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UCLA gymnastics stays steady against Sun Devils to notch victory

Senior Felicia Hano competed in the all-around for the second week in a row versus Arizona State, scoring a 39.100 in No. 4 UCLA gymnastics’ victory Saturday afternoon. (Amy Dixon/Daily Bruin senior staff)


No. 4 UCLA197.200
Arizona State195.475

By Cassidy Hunt

February 15, 2020 9:14 pm

Coach Chris Waller said the Bruins were happy with their consistency.

“The bottom line is: We hit 24 for 24 routines,” Waller said. “We are a gritty team. Even when it’s not dazzling, we do the work, and it was solid.”

No. 4 UCLA gymnastics (5-1, 3-1 Pac-12) defeated Arizona State (2-4, 1-2) in Tempe on Saturday. The Bruins took first place in every event, despite recording a season-low event score in the first rotation of the meet.

The Bruins, who rank No. 2 nationally on uneven bars, opened the meet with a 49.200 – their lowest score of the season on bars.

With the exception of event-winner senior Kyla Ross, every UCLA gymnast scored 9.850 or lower, led by freshman Kalyany Steele’s 9.850 – which ties her season-high score from last week.

“We just had to forget about (the uneven bars scores),” said senior Felicia Hano. “We knew what kind of gymnastics we were doing, and the judges weren’t acknowledging it, and that was a little hard to accept, but we had to move on because we don’t want to carry that negative energy. We knew we were great.”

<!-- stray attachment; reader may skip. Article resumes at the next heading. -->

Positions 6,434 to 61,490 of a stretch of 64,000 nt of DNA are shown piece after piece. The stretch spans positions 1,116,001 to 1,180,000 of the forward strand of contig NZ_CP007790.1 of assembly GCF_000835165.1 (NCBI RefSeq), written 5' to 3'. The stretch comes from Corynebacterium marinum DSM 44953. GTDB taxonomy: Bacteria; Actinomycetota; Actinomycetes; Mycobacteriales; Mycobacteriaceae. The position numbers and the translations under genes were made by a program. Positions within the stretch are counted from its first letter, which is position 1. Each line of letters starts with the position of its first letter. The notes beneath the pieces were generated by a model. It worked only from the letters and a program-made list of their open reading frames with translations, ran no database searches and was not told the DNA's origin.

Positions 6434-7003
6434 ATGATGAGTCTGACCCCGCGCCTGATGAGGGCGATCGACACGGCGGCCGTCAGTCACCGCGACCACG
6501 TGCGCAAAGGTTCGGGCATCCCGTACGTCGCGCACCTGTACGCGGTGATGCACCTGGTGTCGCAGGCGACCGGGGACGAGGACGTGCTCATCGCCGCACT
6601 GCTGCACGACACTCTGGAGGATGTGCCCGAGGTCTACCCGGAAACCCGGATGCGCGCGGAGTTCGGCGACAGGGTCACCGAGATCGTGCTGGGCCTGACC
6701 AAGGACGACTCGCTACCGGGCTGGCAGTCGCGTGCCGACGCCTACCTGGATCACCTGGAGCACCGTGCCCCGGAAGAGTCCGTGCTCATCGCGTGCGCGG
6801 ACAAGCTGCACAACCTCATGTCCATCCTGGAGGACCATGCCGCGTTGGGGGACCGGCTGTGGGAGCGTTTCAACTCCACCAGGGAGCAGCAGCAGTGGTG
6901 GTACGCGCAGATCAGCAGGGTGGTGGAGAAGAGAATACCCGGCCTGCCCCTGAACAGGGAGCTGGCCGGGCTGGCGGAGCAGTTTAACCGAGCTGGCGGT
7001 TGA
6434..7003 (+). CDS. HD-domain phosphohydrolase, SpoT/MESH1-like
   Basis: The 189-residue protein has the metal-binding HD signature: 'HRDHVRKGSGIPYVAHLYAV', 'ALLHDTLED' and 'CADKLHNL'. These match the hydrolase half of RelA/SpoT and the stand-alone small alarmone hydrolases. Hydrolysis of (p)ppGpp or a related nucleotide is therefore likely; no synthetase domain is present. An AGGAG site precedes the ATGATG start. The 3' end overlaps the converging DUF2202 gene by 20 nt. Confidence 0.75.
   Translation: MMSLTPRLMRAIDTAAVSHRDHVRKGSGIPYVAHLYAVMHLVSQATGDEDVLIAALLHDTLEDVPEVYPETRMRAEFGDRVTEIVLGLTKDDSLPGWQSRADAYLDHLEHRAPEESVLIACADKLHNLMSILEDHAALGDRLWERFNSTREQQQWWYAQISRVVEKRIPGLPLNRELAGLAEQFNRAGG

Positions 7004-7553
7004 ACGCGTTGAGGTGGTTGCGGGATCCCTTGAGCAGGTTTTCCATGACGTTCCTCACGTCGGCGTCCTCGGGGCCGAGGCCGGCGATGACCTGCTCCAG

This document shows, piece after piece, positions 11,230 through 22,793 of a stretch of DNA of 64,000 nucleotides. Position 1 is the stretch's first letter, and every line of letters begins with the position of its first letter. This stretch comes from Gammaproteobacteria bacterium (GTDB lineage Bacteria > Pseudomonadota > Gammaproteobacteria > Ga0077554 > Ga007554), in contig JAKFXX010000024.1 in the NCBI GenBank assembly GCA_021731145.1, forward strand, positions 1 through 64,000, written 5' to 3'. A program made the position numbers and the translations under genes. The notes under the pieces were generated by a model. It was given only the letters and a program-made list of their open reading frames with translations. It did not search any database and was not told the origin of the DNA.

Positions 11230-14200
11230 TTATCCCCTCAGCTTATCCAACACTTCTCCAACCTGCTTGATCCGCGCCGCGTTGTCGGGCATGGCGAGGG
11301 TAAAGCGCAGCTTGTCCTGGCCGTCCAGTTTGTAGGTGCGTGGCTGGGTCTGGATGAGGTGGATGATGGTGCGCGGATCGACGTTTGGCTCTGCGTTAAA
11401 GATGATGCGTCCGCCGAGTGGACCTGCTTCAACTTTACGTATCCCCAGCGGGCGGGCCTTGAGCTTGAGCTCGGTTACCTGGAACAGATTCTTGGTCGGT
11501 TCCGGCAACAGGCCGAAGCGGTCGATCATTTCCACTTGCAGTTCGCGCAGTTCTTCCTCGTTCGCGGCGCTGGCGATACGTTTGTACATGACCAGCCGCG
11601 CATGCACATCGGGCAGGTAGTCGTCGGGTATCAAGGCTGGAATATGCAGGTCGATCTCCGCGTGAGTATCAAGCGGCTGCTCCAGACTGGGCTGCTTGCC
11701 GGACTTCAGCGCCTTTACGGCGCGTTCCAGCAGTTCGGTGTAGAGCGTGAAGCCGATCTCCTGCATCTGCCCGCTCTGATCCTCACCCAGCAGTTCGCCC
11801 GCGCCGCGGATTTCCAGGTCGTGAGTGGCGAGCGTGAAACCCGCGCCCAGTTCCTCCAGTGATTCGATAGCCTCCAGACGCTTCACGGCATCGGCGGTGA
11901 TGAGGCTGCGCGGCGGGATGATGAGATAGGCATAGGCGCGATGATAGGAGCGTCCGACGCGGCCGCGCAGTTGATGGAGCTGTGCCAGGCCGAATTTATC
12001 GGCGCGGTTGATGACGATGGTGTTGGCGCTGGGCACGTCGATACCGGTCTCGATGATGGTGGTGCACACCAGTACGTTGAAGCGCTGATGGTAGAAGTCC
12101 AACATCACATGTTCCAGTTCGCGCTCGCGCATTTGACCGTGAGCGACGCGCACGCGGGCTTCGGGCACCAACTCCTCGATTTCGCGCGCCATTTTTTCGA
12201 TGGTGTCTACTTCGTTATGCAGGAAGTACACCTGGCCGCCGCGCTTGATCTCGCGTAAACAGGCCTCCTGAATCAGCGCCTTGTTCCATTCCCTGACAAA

Ross took first place in both of her events – uneven bars and balance beam – with a pair of 9.950s. It was the former Olympian’s sixth straight bars win and third straight beam win.

UCLA has recorded one vault score lower than Saturday’s 49.200 – in its third meet of the season Jan. 18. Vault was also the Bruins’ narrowest victory, besting the Sun Devils by .100.

Senior Gracie Kramer took first place on floor exercise for the third week in a row with a 9.950, while freshman Chloe Lashbrooke, Hano and junior Nia Dennis tied for second with 9.900s.

Lashbrooke posted her 9.900 season-high floor score in front of her hometown crowd in Arizona.

“That was a breakout performance for me,” Lashbrooke said. “I was breaking out of my shell, and I was really proud of myself because I’ve been working really hard to nail my landings and get more height on my second pass, so it felt really good to finally do it in competition.”

UCLA’s 49.525 floor score was the Bruins’ third-highest score on the event this season, while only three other NCAA teams have managed to surpass 49.525 on floor at any point this year.

Hano competed in all-around for the third time in her career and scored a 39.100 after a balance check on her beam routine earned her a 9.575.

“I’m getting used to (all-around) now,” Hano said. “It’s not a question mark anymore – I expect to do it every time. I was only disappointed (on beam) because I’ve been doing a lot better in the gym, but I was still proud that I stayed on the beam and fought through.”

For the first time this season, Ross did not compete in the all-around. Waller said Ross and sophomore Margzetta Frazier – who did not compete in any events Saturday – were rested this week to allow time to recover before the postseason starts.

The Bruins have three home meets and one away meet left on their schedule before postseason competition begins.

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Cassidy Hunt | Sports staff
Hunt is currently a Sports staff writer on the gymnastics beat. She was previously a reporter on the women's soccer, women's water polo and swim & dive beats.
Hunt is currently a Sports staff writer on the gymnastics beat. She was previously a reporter on the women's soccer, women's water polo and swim & dive beats.
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